If you’ve ever thought, “I can’t keep this person in my life; they’re too good for me,” you’re not alone.
Frankly, it’s pretty sad that we typically think so little of ourselves, but it doesn’t change the reality.
I don’t remember thinking those exact words to myself in past relationships, but I reflected them in everything I did.
My feelings of inadequacy would scream through the “health kicks” I went on. My kale salads and 12-mile runs were my subconscious’ way of saying, “I think I need to be skinnier to make me worthy of your love.”
The sudden shame I felt around my lack of a “picture perfect” family—lack of a father figure—and intense urge to be manicured, effortlessly excellent in everything, was a blatant shout from my insecurities as well.
I could sit and list all of the ways that it was the ex’s fault—how they were the problem. I could tell others I was emotionally ground into dust and gaslighted until my soul was nothing, but here’s the kicker: I let it happen.
I let it happen because those feelings of not-enough-ness were already there. That dickhead from the past just happened to have some sh*tty manners—pushed all the right buttons to corrupt my hard drive.
I don’t think we should let people off the hook and blame ourselves for having our weakness taken advantage of. No. F*ck no.
But I do think we have to take a hard look at ourselves after these things happen—not pawn off the blame. We have to own our broken bits. Love them. Care for them.
And we have to get the eff away from the people who make us feel like we’re anything less than gold.
Here are four indicators of an unhealthy “love”:
>> If you start changing who you are to gain acceptance, that ain’t love, my friend.
>> If you start feeling guilty for speaking up, that ain’t love, my friend.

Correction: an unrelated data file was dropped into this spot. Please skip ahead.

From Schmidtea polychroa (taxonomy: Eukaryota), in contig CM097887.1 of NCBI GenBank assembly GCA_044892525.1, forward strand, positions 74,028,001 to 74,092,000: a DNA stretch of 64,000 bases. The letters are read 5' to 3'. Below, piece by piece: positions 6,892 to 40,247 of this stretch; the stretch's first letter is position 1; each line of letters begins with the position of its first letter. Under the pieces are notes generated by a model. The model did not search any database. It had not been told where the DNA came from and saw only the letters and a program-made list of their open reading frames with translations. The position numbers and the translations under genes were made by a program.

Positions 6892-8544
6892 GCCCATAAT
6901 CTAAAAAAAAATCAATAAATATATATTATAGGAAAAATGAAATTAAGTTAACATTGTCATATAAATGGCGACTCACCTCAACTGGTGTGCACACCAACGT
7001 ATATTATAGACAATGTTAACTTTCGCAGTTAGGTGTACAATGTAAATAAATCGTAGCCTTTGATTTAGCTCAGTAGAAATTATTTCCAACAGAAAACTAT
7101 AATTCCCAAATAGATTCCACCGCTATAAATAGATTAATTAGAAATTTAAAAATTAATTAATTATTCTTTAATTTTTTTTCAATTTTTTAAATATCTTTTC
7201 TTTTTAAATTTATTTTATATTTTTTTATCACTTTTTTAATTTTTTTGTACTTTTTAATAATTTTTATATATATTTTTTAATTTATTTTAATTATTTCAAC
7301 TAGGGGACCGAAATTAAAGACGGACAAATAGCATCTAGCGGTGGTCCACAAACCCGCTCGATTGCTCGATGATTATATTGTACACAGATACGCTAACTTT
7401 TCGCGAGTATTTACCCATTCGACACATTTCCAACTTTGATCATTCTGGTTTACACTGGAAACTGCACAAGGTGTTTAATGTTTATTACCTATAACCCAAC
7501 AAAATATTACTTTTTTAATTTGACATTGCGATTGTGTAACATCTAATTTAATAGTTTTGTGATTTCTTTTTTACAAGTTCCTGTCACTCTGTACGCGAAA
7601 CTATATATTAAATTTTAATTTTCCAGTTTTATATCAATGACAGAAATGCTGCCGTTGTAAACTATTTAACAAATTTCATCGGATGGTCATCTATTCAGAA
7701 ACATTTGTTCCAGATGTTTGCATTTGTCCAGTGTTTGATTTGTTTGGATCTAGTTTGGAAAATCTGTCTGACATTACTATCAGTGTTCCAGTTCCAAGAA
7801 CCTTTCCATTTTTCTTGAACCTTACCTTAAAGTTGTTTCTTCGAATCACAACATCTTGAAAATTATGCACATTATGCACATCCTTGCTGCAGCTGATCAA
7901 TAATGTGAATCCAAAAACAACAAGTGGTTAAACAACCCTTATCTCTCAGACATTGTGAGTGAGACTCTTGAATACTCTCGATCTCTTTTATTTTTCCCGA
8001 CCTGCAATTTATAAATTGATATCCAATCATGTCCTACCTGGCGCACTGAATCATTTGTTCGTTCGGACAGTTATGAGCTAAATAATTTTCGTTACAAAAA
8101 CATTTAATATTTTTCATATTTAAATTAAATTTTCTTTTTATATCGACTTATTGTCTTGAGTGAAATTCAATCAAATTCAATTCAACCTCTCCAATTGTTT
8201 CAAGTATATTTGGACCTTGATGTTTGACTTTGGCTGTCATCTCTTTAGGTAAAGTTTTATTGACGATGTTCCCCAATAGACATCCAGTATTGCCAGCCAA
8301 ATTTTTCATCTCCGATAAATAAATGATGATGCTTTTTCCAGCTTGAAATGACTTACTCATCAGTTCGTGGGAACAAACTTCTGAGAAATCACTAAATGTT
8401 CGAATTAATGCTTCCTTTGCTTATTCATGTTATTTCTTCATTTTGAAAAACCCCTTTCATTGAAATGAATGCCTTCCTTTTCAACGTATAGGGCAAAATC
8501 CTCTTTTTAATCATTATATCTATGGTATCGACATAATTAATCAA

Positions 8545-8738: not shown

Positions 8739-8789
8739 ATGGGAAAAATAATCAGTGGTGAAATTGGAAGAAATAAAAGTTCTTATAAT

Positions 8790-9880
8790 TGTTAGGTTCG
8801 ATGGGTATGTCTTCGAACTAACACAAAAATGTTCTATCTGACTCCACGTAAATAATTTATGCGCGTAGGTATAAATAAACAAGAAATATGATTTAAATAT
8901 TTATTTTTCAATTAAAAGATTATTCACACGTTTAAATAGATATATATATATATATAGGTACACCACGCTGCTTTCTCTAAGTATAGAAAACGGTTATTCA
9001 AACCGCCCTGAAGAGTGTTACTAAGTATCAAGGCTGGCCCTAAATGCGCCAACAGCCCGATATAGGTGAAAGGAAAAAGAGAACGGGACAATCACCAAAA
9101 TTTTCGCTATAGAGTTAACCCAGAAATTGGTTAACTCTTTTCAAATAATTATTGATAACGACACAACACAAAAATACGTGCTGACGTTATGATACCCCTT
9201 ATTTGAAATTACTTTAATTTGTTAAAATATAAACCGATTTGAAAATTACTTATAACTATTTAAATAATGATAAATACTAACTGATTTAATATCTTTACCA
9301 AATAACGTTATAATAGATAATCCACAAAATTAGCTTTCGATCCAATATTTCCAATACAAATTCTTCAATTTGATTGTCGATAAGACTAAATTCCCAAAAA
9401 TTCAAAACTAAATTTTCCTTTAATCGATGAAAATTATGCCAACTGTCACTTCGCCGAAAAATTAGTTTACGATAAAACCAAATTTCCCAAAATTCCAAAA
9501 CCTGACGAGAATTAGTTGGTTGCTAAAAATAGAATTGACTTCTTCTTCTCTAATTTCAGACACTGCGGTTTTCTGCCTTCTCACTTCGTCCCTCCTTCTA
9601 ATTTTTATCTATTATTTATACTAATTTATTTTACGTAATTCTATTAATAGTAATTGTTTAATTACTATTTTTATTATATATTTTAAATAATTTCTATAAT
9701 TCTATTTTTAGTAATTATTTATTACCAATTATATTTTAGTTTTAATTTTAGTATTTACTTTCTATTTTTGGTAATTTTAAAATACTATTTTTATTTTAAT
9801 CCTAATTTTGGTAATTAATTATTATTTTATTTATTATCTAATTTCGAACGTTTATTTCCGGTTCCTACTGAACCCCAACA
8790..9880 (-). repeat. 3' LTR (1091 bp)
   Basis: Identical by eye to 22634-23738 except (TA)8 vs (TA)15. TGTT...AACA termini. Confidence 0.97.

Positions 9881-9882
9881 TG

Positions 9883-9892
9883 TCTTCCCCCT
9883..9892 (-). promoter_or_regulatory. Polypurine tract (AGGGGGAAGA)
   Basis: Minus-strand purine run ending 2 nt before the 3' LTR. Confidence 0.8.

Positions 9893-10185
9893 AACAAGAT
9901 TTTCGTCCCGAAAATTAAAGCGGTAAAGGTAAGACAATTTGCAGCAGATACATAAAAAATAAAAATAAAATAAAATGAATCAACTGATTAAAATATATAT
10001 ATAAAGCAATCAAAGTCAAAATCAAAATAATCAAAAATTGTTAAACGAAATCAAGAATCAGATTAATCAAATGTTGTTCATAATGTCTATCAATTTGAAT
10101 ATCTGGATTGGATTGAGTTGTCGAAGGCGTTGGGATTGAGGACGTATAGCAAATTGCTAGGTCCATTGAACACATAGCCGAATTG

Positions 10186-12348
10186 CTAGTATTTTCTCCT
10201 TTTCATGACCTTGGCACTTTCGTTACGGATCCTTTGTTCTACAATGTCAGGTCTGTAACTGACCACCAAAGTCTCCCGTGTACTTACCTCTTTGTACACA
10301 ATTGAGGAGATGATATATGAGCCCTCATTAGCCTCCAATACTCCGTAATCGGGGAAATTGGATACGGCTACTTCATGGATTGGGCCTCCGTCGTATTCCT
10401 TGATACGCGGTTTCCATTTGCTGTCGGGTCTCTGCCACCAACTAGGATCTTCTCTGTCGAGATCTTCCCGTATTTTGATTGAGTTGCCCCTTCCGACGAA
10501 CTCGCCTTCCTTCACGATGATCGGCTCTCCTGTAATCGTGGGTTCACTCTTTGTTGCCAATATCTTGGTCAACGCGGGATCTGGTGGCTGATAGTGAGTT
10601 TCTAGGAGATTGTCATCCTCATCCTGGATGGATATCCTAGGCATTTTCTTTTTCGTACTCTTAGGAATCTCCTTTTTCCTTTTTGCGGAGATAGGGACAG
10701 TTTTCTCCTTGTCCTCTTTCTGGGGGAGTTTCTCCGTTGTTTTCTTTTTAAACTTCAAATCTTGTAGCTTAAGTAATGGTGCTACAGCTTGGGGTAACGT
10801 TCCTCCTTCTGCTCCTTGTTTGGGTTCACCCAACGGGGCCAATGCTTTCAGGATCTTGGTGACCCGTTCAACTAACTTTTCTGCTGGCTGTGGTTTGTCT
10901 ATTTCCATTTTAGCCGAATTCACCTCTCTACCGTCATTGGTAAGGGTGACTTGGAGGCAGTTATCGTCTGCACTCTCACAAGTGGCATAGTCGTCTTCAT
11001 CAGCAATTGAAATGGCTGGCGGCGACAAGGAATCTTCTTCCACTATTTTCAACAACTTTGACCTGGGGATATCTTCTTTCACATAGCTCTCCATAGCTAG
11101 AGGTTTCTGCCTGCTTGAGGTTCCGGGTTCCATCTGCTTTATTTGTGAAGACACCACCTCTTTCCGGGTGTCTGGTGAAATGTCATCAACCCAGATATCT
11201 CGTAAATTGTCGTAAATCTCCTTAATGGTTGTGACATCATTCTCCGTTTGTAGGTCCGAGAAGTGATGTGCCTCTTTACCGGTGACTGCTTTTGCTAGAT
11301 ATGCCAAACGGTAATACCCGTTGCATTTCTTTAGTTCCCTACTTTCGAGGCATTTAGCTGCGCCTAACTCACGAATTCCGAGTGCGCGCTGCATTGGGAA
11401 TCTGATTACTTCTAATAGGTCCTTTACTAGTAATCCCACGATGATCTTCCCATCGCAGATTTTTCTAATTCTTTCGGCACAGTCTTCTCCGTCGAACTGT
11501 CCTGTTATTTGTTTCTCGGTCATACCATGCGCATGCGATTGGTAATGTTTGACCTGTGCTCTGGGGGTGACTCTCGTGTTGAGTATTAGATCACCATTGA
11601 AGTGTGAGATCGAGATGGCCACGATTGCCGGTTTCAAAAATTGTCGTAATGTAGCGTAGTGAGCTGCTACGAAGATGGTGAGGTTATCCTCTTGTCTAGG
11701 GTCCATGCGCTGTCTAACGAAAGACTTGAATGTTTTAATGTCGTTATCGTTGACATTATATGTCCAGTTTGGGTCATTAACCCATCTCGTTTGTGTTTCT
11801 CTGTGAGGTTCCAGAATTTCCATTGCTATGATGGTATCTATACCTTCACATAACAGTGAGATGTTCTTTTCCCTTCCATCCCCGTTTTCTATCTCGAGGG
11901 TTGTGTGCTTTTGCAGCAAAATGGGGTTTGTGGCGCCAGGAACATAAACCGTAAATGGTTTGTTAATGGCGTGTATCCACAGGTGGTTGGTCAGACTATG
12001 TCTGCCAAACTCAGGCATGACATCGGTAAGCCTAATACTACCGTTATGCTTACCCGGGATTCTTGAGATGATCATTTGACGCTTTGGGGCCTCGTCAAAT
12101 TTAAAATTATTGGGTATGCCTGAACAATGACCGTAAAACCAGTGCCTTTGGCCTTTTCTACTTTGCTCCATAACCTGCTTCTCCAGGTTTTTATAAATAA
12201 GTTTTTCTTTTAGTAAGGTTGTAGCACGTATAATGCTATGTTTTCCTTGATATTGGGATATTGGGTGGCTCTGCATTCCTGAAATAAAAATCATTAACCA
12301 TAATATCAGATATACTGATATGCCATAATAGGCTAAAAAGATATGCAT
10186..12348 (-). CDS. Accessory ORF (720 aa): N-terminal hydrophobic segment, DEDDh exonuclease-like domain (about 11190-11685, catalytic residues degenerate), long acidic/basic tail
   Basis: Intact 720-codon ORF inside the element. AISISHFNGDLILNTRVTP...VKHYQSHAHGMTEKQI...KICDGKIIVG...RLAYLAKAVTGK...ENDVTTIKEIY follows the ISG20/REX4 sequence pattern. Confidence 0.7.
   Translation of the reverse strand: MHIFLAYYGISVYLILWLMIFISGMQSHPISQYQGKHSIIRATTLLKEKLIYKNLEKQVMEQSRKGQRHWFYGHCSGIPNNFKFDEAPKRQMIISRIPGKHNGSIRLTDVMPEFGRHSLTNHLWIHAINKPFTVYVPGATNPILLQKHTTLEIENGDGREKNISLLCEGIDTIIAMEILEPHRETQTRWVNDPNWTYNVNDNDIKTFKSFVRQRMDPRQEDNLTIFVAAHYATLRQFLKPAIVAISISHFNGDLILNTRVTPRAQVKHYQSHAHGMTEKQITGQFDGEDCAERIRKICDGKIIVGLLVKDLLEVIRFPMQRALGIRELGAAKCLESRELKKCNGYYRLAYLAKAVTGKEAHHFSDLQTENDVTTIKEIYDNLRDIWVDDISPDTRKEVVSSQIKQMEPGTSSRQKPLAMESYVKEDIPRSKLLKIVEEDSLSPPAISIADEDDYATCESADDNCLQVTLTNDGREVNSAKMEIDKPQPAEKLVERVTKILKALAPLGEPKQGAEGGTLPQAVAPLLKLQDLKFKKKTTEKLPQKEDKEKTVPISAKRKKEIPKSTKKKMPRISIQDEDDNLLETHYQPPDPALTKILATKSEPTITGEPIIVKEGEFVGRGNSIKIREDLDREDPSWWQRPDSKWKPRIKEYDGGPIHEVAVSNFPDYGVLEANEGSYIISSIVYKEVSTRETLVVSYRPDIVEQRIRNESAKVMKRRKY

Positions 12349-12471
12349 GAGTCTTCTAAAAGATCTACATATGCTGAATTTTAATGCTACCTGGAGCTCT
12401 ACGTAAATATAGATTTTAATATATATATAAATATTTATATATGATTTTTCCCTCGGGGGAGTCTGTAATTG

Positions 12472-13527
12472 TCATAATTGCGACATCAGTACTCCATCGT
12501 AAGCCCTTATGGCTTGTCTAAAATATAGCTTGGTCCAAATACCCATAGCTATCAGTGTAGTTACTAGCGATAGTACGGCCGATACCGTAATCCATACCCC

>> If you find yourself making excuses for a partner—building them into a fantasy while ignoring reality—that also ain’t love, my friend.
>> If you feel like you can’t show them the kooky world that is your family because you’re afraid of being judged, you’re probably right (and should walk away).
Did I walk away? Yes—but not at first.
It’s hard. So hard. Especially when you think you’re unworthy and this person you’ve somehow snatched is “too good” for you.
I don’t know if I’m necessarily qualified to offer advice on matters of the heart, but I’ve had mine squashed enough times to know this:
If you have to prove yourself, it’s no good. Real-ass, genuine love never makes you second-guess yourself. If you no longer love yourself when you’re with someone, they aren’t doing the main thing a partner should do—lifting you up.
And they deserve a flaming turd on their doorstep. (Just kidding—kind of.)
I wish I had listened when others around me said these things, but I wasn’t ready.
So, I guess I’m writing this for the girl from my past—the broken one. And for every other human who is going through the “fiery hellbroth” (as Anthony Bourdain would say) of love.
Here is a short video on why we keep falling for assholes (their title is much more eloquent, but I think my description is more fun). May it be of benefit: